This young family wanted a modestly sized house that will suit their budget, but was also will be comfortable, warm, inviting and with a distinctive rural character. An important condition was the option of expanding the house in the future to match the changing needs of the growing family. To accommodate this, the house was planned as single-story, but with an architectural and structural infrastructure set in place for a future second floor. The lot faces a lovely view of the hills of the Lower Galilee on one side, and a view of Mt. Tavor on the other. This advantage affected the house’s positioning and the locations of its various spaces.
The topographic conditions, and the desire to keep the hills in view, led to the decision of positioning the house at a height of roughly 1.5 meters above the road. A tile roof "brim" encircles the house, softening its appearance. A long, stepped entry path, bordered by flowerbeds on both sides, gradually prepares visitors for the warm, peaceful atmosphere that awaits them inside. An impressive, solid-wooden front door leads into a spacious entry hall. A living room, dining room, kitchen, and adjacent service room complete the public areas of the house, all facing the hills of the Lower Galilee. The parents' unit, which overlooks Mt. Tavor, the two children’s bedrooms and a study (which doubles as a shielded room, MAMAD) make up the private section of the house. At the center lies an open patio, where the staircase leading to the upper floor will be positioned.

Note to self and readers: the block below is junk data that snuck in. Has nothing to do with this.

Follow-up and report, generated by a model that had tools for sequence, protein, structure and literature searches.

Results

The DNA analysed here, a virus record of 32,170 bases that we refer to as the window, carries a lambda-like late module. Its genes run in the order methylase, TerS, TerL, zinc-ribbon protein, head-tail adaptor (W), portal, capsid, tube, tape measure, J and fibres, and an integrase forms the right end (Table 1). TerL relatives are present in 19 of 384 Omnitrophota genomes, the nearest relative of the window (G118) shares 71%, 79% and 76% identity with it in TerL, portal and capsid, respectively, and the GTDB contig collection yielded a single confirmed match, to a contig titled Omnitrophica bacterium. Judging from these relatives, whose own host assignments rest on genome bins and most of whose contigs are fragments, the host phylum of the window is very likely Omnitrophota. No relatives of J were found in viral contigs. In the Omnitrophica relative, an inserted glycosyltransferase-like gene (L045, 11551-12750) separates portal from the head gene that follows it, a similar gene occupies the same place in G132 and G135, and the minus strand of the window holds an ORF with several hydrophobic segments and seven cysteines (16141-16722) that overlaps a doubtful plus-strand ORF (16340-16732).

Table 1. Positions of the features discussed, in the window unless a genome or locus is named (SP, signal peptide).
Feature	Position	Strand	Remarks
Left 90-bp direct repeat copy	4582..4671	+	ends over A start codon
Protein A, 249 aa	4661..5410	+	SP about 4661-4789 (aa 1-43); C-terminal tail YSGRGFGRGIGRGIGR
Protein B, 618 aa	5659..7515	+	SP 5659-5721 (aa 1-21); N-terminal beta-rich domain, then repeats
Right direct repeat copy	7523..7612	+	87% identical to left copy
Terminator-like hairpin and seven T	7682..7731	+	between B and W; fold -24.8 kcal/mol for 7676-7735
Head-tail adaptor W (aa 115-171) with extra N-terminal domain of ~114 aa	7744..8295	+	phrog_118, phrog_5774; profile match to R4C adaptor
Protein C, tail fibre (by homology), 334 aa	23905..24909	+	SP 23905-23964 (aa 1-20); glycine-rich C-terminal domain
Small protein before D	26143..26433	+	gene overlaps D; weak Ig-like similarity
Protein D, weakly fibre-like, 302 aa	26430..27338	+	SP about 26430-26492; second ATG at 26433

The clients asked to live in a warm house, with an optimistic, vernal atmosphere. The color palette and finish materials were selected accordingly: a gentle peach hue was chosen for the exterior walls, and the rich presence of the red roof tiles is framed by cream colored wooden beams. For the flooring, we selected 30x30 cm terracotta hued tiles. For the windows and doors, we chose a delicate cream hue that complements the wooden beams, while all the woodwork was designed in a rural style and painted with pastel colors.
Major parts of the planning and design process took place while the family was abroad.